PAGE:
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Know your number; snoring, blood pressure and your health

Numbers

Every year around 125,000 adults suffer heart attacks or stroke through high blood pressure that could be reduced if they knew to stop snoring.

You probably know that you snore.  But, you might not know your blood pressure or even what your blood pressure should be.  That is why Blood Pressure UK are promoting ‘Know Your Numbers Week’ starting on 18th September.

What is high blood pressure?

Your Doctor measures your blood pressure and gives it as 2 numbers.  The first number measures the pressure of your blood as your heart beats and pushes blood around your body.  The second figure measurers the pressure of your blood as your heart rests between beats.

If the first number is more than 90 but less than 120 and the second number is between 60 and 80, then your blood pressure reading is ideal and healthy.

However, if that first figure is between 120 and 140, then you are in ‘pre-high blood pressure’.  Over 140 and you have ‘high blood pressure’.  This can also be known as hypertension and is a key factor in your risk of heart attack, stroke and even kidney disease.

How is blood pressure damaging to your health?

Your blood carries oxygen from your lungs and other nutrients around your body.  It needs to be under some pressure to move it through your blood vessels.  The beats of your heart supply the pressure that pushes your blood through these vessels.

Snoring is a sign that your breathing is not as efficient whilst you are asleep.  Inefficient breathing results in not enough oxygen getting to your lungs.  Therefore, your heart has to beat harder and faster to get oxygen around your body.  This extra work creates a higher than normal pressure in your blood vessels.  Over worked hearts are more likely to fail, potentially sparking a fatal heart attack.  Over-stressed blood vessels are more likely to leak or even burst.  Blood leaking into the brain is the cause of stroke.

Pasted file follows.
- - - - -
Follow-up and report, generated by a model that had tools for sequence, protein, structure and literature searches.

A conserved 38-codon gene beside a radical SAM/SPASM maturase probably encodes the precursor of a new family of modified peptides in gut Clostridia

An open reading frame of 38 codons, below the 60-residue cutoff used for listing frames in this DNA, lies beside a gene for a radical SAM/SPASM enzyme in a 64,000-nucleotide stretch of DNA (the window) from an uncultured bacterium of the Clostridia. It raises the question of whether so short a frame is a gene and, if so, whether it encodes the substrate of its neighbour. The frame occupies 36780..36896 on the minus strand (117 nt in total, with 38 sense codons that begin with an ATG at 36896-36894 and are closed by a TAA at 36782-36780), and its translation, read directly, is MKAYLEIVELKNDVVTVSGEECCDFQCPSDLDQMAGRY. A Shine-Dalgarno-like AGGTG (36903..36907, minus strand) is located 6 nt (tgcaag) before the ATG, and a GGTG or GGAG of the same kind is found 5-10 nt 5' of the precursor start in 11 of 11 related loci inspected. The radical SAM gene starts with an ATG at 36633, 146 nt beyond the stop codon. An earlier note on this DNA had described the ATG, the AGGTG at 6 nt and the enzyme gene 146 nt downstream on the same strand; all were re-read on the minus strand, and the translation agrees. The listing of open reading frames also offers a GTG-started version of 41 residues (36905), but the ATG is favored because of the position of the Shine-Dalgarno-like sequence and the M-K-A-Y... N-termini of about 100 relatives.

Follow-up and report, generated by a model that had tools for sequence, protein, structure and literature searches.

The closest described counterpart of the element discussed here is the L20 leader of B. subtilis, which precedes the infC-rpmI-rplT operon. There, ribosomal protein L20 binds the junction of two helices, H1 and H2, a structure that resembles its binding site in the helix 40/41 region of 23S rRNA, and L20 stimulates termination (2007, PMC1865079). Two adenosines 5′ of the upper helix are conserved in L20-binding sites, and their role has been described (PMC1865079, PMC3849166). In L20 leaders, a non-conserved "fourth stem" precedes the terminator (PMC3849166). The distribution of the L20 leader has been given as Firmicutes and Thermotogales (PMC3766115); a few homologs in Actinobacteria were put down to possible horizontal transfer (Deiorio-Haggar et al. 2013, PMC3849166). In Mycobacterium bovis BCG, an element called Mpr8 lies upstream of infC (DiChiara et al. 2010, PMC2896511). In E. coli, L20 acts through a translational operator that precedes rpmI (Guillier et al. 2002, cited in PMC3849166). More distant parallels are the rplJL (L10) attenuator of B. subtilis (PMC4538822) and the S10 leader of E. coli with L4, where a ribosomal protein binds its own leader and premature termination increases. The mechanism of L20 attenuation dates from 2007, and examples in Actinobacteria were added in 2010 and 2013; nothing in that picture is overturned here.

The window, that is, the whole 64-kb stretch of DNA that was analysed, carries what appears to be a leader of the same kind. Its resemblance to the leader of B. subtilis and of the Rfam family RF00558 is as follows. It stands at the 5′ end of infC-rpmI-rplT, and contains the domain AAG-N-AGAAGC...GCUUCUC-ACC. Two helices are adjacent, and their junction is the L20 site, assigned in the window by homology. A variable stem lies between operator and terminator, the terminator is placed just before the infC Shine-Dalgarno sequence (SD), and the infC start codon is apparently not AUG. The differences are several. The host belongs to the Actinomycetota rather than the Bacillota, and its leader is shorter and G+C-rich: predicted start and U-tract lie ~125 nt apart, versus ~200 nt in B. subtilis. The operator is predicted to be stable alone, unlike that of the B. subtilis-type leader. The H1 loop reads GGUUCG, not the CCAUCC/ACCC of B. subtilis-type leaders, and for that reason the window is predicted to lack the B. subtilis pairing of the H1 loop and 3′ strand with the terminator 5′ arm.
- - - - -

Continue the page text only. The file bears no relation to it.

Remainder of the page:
Research is providing more and more evidence that sleep related breathing disorders, such as obstructive sleep apnoea (OSA) – an extreme form of the disorder characterised by heaving snoring are linked to high blood pressure.

Know your Numbers – Snoring and high blood pressure

There are about 25 million snorers in the UK.  That is about 40% of the population.  An estimated 1.5 million adults in the UK are thought to have the severe snoring condition OSA.  85% of these are undiagnosed and untreated.  An estimated 50% of patients with hypertension also have OSA.  Studies into the effect on blood pressure, for patients receiving OSA treatment showed that it is also lowered their blood pressure.

How to stop snoring and reduce your risk of hypertension

Studies indicate that taking action to reduce your snoring, or other sleep related breathing disorders, can help reduce your blood pressure and your risk of heart attack and stroke.

If you think you might have the severe sleep related breathing disorder OSA Obstructive Sleep Apnoea you should see your doctor.  Stop snoring and OSA therapies might include CPAP, constant positive airway pressure and the Snoreeze Oral Device.

Snoreeze offer a range of snoring relief nasal and throat sprays, throat rinse, dissolve in the mouth oral tabs and external support nasal strips, all developed to relieve airway narrowing and increase the natural hydration of your nasal and throat lining.

For heavy snoring, the Snoreeze Oral Device helps maintain a free and silent airflow through the airways and throat, in the form of a fully adjustable mouthpiece that gently holds your jaw forward as you sleep.

*Sleep apnoea is a common disorder in which you have one or more pauses in breathing or shallow breaths whilst you sleep.  Breathing pauses can last from a few seconds to minutes.  They may occur 30 times or more an hour.  Typical, normal breathing then starts again, sometimes with a loud snort or choking sound.  If you suspect you have OSA, we recommend you see your doctor.

 

Men's Health Week

MENS-HEALTH

 

Awareness:  Men’s Health Week 12-18 June

Snoring won’t Kill him; but stop your man snoring and it could save his life!